Interview: Feras Jalbout, Founder & CEO of Baraka
Empowering Middle East millennials to actively invest.
Please introduce yourself and tell us about your journey leading up to building your company
I’m Feras Jalbout, Founder and CEO of baraka – an investment platform that empowers Middle East millennials to actively invest. I started my career in asset management, working with multinational private banks, where I focused on traditional investment advisory for about a decade. I then went on to join a family office, where I had the opportunity to expand into investing beyond traditional asset classes by exploring alternative asset classes, including Venture Capital.
Launching a venture-backed business in asset management felt like a natural transition. I founded baraka about a year ago because I believe that everyone should be able to invest. The whole idea was to create the tools and resources that would help anyone take control of their investments – from people starting their investment journey to more experienced investors who want to access global markets from the region.
How are you personally coping with the current situation?
It was challenging and frustrating being away from extended family, but in some ways it’s been a blessing in disguise. It gave me a lot more time at home with my young family. I repurposed the hours I would have been commuting, to exercise and spending time with my daughter. It’s been just as much of an adjustment getting used to things opening back up.
How did you recalibrate your operations amidst the pandemic breakout?
From a work perspective, we are still in building mode and aren't as impacted by not being physically present in an office. We started the company in the heart of the pandemic and, as odd as it seems, we have become accustomed to it. We did all of our hiring and fundraising on Zoom, and we continue to work from home three days a week. It’s allowed us to build a team remotely and to be more efficient with our time. We always joke that we don’t know what it will be like for all of us to meet up in the real world.
What did you need to adapt or change in your business model?
Operationally, there was no shift at all - we are a fintech company that lives in the digital realm and therefore didn’t see much of an impact on our day-to-day business. Where we had to recalibrate was primarily around hiring, communication and organization. Interviewing and hiring candidates has been entirely virtually for us, and that makes it challenging to establish a rapport quickly. On the communication and organization side, we remain disciplined about using technology to help us be more efficient and to manage productivity.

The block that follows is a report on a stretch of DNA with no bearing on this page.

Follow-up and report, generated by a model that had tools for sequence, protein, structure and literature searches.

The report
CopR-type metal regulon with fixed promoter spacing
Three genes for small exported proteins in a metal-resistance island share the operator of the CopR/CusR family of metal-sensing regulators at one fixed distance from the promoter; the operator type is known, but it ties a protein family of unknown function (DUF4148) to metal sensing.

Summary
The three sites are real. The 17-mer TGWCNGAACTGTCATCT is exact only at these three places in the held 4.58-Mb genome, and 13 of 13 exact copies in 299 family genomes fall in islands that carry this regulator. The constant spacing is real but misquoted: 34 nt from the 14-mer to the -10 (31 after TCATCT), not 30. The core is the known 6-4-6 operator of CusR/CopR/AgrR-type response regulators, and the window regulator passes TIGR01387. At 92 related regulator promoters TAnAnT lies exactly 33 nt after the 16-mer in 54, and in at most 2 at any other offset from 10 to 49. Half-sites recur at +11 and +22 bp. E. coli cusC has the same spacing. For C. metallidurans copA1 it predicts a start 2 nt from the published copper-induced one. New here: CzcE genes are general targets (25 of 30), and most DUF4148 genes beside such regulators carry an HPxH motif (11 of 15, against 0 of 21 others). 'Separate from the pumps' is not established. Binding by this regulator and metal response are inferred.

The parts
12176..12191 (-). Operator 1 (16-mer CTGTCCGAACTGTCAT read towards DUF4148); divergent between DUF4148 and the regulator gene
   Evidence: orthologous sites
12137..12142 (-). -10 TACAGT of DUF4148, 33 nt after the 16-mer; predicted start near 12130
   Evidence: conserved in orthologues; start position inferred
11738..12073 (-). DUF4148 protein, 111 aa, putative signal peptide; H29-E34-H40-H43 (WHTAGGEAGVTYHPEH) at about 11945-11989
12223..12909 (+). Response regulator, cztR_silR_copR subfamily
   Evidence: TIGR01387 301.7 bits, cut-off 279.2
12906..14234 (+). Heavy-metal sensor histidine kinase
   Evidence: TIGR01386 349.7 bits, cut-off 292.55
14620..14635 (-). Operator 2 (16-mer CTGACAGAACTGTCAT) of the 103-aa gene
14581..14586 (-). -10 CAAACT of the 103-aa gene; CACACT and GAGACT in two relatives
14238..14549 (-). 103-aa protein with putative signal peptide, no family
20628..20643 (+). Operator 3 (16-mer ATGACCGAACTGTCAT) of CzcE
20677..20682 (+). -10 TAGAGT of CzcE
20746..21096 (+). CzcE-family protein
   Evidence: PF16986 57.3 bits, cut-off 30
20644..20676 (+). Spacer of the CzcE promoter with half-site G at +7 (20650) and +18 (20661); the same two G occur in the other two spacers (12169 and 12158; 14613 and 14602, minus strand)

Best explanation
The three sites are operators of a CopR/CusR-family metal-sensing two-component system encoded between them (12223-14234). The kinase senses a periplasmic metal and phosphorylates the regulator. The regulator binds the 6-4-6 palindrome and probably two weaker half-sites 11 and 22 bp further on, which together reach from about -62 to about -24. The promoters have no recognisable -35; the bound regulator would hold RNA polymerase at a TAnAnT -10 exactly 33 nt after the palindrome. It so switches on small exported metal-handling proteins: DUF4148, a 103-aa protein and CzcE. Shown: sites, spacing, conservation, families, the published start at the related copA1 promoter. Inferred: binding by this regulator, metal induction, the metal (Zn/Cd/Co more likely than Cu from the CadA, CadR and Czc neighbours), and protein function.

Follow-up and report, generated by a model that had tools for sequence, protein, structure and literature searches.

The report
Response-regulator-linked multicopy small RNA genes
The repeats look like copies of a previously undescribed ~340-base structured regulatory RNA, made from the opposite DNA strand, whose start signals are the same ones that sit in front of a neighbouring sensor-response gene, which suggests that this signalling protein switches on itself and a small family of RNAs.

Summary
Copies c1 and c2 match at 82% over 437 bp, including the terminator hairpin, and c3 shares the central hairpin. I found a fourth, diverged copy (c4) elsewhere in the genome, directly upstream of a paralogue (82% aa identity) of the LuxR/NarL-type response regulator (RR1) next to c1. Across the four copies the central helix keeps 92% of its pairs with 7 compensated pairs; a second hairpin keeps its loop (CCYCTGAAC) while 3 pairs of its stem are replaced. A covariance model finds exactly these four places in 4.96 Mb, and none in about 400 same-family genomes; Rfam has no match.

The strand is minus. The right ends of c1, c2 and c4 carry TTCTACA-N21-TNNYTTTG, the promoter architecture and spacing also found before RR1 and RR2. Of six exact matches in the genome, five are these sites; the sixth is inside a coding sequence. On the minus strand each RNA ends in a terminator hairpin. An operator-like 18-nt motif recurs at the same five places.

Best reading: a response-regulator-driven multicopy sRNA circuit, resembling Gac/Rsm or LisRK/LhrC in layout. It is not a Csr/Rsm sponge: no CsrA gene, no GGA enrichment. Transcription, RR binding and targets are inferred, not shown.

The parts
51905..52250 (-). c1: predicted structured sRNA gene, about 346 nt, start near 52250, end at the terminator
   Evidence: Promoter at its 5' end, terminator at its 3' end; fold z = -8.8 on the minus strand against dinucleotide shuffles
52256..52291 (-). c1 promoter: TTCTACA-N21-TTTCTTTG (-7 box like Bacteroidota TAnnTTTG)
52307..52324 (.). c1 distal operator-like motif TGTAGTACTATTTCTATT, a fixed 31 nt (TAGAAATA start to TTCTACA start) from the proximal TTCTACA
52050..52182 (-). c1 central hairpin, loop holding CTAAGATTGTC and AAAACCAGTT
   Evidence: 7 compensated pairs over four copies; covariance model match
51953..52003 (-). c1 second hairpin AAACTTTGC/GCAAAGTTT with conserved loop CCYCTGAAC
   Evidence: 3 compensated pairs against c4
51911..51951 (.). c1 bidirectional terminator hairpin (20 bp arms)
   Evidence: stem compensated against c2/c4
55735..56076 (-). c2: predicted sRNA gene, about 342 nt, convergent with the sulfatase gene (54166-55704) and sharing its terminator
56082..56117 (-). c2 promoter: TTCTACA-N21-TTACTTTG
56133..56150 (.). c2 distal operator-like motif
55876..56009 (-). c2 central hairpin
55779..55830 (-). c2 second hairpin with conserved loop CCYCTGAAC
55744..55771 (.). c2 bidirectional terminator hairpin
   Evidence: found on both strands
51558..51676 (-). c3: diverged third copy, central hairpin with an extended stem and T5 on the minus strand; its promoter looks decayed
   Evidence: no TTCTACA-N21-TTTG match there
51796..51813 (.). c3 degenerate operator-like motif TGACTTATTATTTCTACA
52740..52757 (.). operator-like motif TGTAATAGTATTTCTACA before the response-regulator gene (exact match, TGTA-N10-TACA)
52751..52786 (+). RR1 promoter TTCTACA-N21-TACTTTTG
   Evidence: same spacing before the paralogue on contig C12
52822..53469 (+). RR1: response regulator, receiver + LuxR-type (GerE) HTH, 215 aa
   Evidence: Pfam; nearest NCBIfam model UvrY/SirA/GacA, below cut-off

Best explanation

Has this changed the way you're thinking about your business? If so, how?
The pandemic hasn’t necessarily changed the way I think about the business, but it has changed the way people feel about our business. The last twelve months have been a massive shock to the financial wellbeing of many households and that has made people pay closer attention to their own personal financial situation. More people are interested in financial planning, investing and diversifying their income sources. Moreover, the general public have had a lot more time on their hands, which they’ve used to read and learn about the subject matter.
What happens for the business after the pandemic?
We’re going to stay focused on our mission, and continue to build financial products that empower people to invest. We don’t expect that anything will fundamentally change for us in terms of business or strategy, but we will keep an eye on what matters to our subscribers and users, so we can make sure that’s what we’re responding to.
What is something that has surprised you during this time?
One of the most interesting observations for me was the global shift in consumption and thinking. It took a few months of lockdown and uncertainty to change how we eat, live, work, shop and interact. With the world opening up again, and – for lack of a better word – ‘normalising’, I’m curious to see what will stick, and what other behavioural changes we’ll see.
Another takeaway for me, personally, was understanding that there is a substantial part of the population that physically or mentally cannot work from home, especially when you would see some people really struggling without daily human interaction. You get caught up in your own comfort but sometimes fail to understand the circumstance of another party. This has been really important in managing and motivating an entirely remote team during this time.
Finally, a surprising trend we saw was the surge in online investing, even during a pandemic where people typically tend to be more conservative and hoard cash. The average retail investor 'bought the dip' and is starting to understand market dynamics, which really helped validate some of our initiatives as baraka.
What are some lessons learned, do you have any final words of wisdom (for entrepreneurs, investors or the wider community)?
In life, I would say…don’t panic. This can be instinctive but we don’t always make good decisions when we panic. Be aware, stay calm and don’t allow others (or the news, for that matter) drive your emotions. In business, always remember that good companies don’t die, they pivot. Build a business model that is nimble and agile enough to thrive and remain resilient, through the good times and the bad.